For the first time in his wildly successful career, however, Gatsby aspires to obtain that which is unattainable, at least to the degree which he desires. As the novel unfolds, Gatsby seems to realize that his idea and pursuit of Daisy is more rewarding than the actual attainment of her. Gatsby recognizes that -- as he did with his own persona -- he has created an ideal for Daisy to live up to. Although Gatsby remains fully committed to his aspirations up until his death, he struggles with the reality of when those aspirations for his American Dream are either achieved or, in Gatsby's case, proven inaccessible. As F. Scott Fitzgerald wrote in 1924, while working on The Great Gatsby, "That's the whole burden of this novel -- the loss of those illusions that give such color to the world so that you don't care whether things are true or false as long as they partake of the magical glory"
The story of Gatsby brings to light "The American Dream". This was a very popular theme in the 1920's, when the novel was written. Gatsby chases this dream by attempting to obtain Daisy, just as people in this era chased their own dreams. In the book, Gatsby idealizes this dream so much that he would do anything to get it, just like many people in the 1920's chased their own dreams.
Because The Great Gatsby is set in the Roaring Twenties, the topic of the Great War is unavoidable. The war was crucial to Gatsby's development, providing a brief period of social mobility which, Fitzgerald claims, quickly closed after the war. Gatsby only came into contact with a classy young debutante like Daisy as a result of the fact that he was a soldier and that no one could vouch for whether he was upper-class or not. The war provided him with further opportunities to see the world, and make some money in the service of a millionaire. Gatsby's opportunities closed up after the end of the war, however, when he found upon returning to America that the social structure there was every bit as rigid as it was in Europe. Unable to convince anyone that he is truly upper-class (although his participation in the war gave him some leeway about lying), Gatsby finds himself unable to break into East Egg society.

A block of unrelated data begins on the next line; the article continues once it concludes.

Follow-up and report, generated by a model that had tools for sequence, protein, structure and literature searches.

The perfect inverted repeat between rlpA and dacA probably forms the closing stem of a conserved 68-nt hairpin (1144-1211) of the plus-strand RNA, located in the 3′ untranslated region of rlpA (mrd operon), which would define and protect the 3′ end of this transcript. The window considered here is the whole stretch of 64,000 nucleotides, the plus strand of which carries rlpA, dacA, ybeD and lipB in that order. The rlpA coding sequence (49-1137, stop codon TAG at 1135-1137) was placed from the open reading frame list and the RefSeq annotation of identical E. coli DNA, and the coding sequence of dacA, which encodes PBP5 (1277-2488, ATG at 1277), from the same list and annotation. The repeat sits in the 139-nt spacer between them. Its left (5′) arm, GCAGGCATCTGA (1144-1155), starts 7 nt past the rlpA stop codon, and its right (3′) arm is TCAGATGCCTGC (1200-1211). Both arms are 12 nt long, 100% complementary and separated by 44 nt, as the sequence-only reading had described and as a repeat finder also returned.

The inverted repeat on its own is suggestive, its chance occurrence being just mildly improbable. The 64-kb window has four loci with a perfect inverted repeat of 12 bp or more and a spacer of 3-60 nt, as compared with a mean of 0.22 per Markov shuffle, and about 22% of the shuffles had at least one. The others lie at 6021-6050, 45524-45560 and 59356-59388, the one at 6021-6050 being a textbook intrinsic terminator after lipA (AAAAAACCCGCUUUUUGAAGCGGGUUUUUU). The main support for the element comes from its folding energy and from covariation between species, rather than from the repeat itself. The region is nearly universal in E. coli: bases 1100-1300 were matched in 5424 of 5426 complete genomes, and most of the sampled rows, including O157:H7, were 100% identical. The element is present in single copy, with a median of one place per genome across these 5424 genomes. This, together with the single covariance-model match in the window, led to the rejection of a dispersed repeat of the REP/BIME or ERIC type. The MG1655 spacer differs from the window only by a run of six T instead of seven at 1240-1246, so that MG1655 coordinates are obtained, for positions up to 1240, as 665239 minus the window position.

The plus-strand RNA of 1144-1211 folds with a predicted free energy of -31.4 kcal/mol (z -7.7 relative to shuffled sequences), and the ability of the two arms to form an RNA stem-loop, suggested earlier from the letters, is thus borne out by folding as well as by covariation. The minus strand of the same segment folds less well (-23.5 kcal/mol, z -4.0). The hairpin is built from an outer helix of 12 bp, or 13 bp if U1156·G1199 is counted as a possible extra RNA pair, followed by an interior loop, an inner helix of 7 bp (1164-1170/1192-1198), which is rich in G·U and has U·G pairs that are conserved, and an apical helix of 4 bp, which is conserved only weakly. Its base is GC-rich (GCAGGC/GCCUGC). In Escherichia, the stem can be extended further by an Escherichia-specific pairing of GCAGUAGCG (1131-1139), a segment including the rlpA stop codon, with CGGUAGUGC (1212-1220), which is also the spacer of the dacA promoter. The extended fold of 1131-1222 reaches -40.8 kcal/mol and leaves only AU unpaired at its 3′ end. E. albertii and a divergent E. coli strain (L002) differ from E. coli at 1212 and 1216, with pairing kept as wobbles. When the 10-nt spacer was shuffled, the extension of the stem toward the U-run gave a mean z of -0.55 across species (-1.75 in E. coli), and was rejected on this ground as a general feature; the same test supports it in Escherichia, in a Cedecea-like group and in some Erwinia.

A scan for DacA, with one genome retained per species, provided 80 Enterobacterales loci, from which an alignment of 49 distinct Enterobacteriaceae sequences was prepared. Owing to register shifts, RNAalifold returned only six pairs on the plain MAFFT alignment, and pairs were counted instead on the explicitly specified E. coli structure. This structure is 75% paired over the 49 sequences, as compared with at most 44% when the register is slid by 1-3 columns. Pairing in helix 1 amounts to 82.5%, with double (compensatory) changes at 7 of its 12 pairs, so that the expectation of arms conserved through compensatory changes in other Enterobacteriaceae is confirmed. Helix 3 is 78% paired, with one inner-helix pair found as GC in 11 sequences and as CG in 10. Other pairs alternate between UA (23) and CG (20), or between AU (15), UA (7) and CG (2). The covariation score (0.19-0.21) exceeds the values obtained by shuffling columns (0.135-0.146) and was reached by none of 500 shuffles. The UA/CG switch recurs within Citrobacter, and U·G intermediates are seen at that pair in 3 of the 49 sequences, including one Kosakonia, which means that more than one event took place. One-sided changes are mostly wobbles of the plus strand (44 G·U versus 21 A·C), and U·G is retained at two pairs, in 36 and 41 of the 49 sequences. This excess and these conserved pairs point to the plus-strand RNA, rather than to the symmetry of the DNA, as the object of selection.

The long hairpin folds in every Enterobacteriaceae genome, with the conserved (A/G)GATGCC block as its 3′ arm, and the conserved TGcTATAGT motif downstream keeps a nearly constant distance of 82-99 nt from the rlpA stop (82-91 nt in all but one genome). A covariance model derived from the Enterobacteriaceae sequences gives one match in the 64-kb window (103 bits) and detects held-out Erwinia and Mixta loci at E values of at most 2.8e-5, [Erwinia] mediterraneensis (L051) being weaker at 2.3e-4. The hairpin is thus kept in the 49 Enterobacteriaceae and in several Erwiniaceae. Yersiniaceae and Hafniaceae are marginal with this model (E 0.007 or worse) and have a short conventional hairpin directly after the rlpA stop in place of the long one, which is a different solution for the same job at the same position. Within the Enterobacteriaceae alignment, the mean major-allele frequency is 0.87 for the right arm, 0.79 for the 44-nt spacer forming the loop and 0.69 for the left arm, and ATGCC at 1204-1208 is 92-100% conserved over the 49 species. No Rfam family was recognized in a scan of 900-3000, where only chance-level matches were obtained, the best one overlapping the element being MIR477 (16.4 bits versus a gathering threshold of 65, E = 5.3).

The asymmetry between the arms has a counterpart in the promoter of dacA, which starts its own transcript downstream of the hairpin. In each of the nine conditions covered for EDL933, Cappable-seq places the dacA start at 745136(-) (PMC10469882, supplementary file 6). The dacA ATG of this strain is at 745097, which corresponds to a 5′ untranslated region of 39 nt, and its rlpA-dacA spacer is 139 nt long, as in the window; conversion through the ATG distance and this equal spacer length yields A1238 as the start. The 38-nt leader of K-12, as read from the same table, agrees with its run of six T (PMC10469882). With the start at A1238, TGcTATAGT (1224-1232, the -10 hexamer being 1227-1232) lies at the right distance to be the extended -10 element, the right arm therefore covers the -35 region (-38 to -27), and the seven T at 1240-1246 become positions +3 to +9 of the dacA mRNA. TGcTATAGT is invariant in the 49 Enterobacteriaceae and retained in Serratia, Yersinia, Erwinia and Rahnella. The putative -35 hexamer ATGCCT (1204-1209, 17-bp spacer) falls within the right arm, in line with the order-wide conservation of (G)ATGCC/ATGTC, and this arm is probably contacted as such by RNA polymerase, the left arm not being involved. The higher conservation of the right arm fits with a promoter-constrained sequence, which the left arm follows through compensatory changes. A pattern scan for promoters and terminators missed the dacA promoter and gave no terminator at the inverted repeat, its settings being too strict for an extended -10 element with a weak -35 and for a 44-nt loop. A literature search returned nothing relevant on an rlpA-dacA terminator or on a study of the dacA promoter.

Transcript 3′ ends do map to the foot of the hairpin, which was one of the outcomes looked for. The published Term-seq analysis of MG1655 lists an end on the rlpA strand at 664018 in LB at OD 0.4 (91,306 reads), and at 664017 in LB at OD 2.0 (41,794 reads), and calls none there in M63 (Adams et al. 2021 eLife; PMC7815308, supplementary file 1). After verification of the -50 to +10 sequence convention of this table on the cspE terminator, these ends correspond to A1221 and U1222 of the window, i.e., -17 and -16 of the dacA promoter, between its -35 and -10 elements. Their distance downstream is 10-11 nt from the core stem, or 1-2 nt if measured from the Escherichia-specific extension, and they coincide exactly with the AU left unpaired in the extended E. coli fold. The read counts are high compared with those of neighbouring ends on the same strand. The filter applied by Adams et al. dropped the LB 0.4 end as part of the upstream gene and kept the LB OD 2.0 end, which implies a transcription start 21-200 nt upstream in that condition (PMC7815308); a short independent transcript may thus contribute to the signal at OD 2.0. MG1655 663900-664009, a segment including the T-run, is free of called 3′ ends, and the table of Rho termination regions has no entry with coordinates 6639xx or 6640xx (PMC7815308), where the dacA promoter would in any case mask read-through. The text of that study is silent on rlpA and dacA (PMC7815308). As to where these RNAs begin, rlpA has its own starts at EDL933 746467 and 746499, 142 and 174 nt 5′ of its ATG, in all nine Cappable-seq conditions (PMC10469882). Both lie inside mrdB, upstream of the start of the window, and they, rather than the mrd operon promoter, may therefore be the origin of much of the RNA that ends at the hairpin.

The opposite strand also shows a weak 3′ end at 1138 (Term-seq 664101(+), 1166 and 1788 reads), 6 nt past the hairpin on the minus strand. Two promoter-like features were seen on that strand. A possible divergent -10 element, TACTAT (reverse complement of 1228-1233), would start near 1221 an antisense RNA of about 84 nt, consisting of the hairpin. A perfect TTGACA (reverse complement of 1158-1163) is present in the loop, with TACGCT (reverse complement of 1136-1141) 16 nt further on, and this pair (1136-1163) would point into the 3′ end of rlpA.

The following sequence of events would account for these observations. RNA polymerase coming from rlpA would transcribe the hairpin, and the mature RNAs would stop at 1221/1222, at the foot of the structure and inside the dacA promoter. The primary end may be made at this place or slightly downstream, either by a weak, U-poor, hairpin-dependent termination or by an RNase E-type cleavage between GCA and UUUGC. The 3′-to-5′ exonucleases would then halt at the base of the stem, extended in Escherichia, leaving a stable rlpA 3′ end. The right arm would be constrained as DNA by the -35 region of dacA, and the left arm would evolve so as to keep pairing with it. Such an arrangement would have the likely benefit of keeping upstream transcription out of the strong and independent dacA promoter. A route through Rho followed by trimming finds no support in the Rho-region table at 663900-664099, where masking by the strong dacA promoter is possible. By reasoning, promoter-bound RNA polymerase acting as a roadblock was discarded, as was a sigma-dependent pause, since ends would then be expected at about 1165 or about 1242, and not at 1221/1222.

Honesty is does not seem to determine which characters are sympathetic and which are not in this novel in quite the same way that it does in others. Nick is able to admire Gatsby despite his knowledge of the man's illegal dealings and bootlegging. Ironically, it is the corrupt Daisy who takes pause at Gatsby's sordid past. Her indignation at his "dishonesty," however, is less moral than class-based. Her sense of why Gatsby should not behave in an immoral manner is based on what she expects from members of her milieu, rather than what she believes to be intrinsically right. The standards for honesty and morality seem to be dependent on class and gender in this novel. Tom finds his wife's infidelity intolerable, however, he does not hesitate to lie to her about his own affair.
The Great Gatsby may be the most popular classic in modern American fiction. Since its publication in 1925, Fitzgerald's masterpiece has become a touchstone for generations of readers and writers, many of whom reread it every few years as a ritual of imaginative renewal. The story of Jay Gatsby's desperate quest to win back his first love reverberates with themes at once characteristically American and universally human, among them the importance of honesty, the temptations of wealth, and the struggle to escape the past.
Author F. Scott Fitzgerald associated this moment in American history – the Jazz Age – with materialism ("I want things! Lots of things!") and immorality. Materialism and immortality were the name of the game for many of the newly wealthy of the post-World War I era. The novel's star is Jay Gatsby, a young, rich man in love with a society girl from his past. A girl who, as it happens, is married to someone else.